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Rabbitbox: anthropomorphized dioramas on legs, for companionship


Roshan writes, "Rabbitbox is the world's first dedicated companionship dispenser. Its sole purpose is to provide the right combination of physical presence and implied sentience to allow the experience of companionship in its purest, literal form."

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Art from a Seattle-born painter kept in a WWII internment camp

Published in conjunction with an exhibition of the same name (through December 13, 2014, at Washington State University’s Museum of Art in Pullman), Roger Shimomura: An American Knockoff offers a crisp look at the recent work of this Seattle-born painter of Japanese descent, who spent some of his earliest years in a World War II internment camp in Hunt, Idaho. Forced ostracization helped shape Shimomura’s sense of otherness, which has found expression in his work since the 1970s. Not surprisingly, some of the most powerful paintings reproduced in the exhibition catalog – which includes an essay by Anne Collins Goodyear and an interview with the artist – depict imagined images from those years. Because Shimomura was just three when he and his family were sent to Camp Minidoka, though, he relied upon translations of his grandmother’s diaries to create pictures of the surreal circumstances of trying to live a normal American life while imprisoned. My favorite, “Classmates,” captures two girls – one with Euro-American features, the other Japanese – holding ruby-red apples and smiling, seemingly untroubled by the barbed wire strung between them.

Other paintings in the book are comic-book-style self-portraits of the artist as iconic characters like George Washington (famously crossing the Delaware) and Superman (his trademark costume covered by a kimono). While these images may appear to be pop polemics designed to poke a thumb in the eye of some of America’s most patriotic icons, the artist demurs: “Sometimes people mistake my usage of them as painting the enemy,” he’s quoted as saying. “But it really comes out of my visual reverence for them.” For the artist, the paintings are conversation starters, as in “Shimomura Crossing the Delaware,” which is supposed to make viewers ask themselves, ‘What if George Washington had been Japanese American?’ In other words, how might a heroic Japanese figure early in the nation’s history have changed our culture? Well, one might answer, the current president of the United States is African American, and that fact has done little in many precincts to further the dialogue about race. But the lack of easy answers in Shimomura’s work is fine with the artist. “If my work is seen as raising more questions than it answers,” he says, “I’d be pleased….”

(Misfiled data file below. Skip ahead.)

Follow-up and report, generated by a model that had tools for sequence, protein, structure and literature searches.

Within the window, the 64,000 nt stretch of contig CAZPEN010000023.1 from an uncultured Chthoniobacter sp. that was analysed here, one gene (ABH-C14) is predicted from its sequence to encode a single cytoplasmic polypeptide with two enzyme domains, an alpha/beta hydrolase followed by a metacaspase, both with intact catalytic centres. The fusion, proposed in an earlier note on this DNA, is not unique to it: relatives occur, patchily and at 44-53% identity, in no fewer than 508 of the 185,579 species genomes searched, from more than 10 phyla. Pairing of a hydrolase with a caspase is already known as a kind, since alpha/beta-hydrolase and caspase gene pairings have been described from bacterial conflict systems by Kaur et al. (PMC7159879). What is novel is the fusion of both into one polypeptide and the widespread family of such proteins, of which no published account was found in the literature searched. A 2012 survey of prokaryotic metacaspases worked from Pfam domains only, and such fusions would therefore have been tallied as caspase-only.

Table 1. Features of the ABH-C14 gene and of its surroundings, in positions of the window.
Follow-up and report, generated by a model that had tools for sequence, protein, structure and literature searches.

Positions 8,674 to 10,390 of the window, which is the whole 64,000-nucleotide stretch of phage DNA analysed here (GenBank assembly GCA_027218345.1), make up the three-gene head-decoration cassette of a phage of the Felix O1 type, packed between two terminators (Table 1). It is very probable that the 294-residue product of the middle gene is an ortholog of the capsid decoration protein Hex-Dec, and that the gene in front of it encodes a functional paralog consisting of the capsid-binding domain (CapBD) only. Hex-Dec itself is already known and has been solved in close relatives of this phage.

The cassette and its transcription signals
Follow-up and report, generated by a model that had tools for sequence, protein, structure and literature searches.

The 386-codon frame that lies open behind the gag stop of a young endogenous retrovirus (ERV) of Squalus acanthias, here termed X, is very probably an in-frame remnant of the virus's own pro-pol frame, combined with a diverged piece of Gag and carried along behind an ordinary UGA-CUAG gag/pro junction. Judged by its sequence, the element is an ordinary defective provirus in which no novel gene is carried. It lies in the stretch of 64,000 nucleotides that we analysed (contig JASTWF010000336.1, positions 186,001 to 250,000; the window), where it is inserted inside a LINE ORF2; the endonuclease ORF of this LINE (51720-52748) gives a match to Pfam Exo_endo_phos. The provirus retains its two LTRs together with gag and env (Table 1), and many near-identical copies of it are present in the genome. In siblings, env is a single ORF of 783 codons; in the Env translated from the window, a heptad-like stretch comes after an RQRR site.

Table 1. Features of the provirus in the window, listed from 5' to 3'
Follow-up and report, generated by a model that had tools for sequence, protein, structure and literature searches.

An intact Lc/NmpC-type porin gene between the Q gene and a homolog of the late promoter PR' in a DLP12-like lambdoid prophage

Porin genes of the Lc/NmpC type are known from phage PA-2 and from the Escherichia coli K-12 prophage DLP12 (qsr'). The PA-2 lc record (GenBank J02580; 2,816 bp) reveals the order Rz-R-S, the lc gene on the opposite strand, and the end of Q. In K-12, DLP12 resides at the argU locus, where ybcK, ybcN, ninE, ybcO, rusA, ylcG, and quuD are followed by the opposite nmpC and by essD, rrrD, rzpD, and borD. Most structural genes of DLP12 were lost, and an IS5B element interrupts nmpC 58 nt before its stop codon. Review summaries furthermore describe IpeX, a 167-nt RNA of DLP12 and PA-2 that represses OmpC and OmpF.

Roger Shimomura: An American Knockoff

Take a look at other beautiful paper books at Wink. And sign up for the Wink newsletter to get all the reviews and photos delivered once a week.

Molly Crabapple's 15 rules for creative success in the Internet age

To celebrate the release of my new book, Information Doesn't Want to Be Free: Laws for the Internet Age, I've invited some of my favorite creators and thinkers to write about their philosophy on the arts and the Internet. Today, Molly Crabapple presents her 15 iron laws of creativity. -Cory DoctorowRead the rest

Scanning your negatives will bring your memories into the digital age: here's how

Your old film photos need an upgrade. Enjoy Dean Putney's guide on how to get the best quality from your boxes of negatives as painlessly as possible.Read the rest

Hidden faces in optical illusion paintings

Artist Oleg Shuplyak arranges the figures and objects in his paintings to reveal the faces of famous people such as Salvador Dali and Charles Darwin.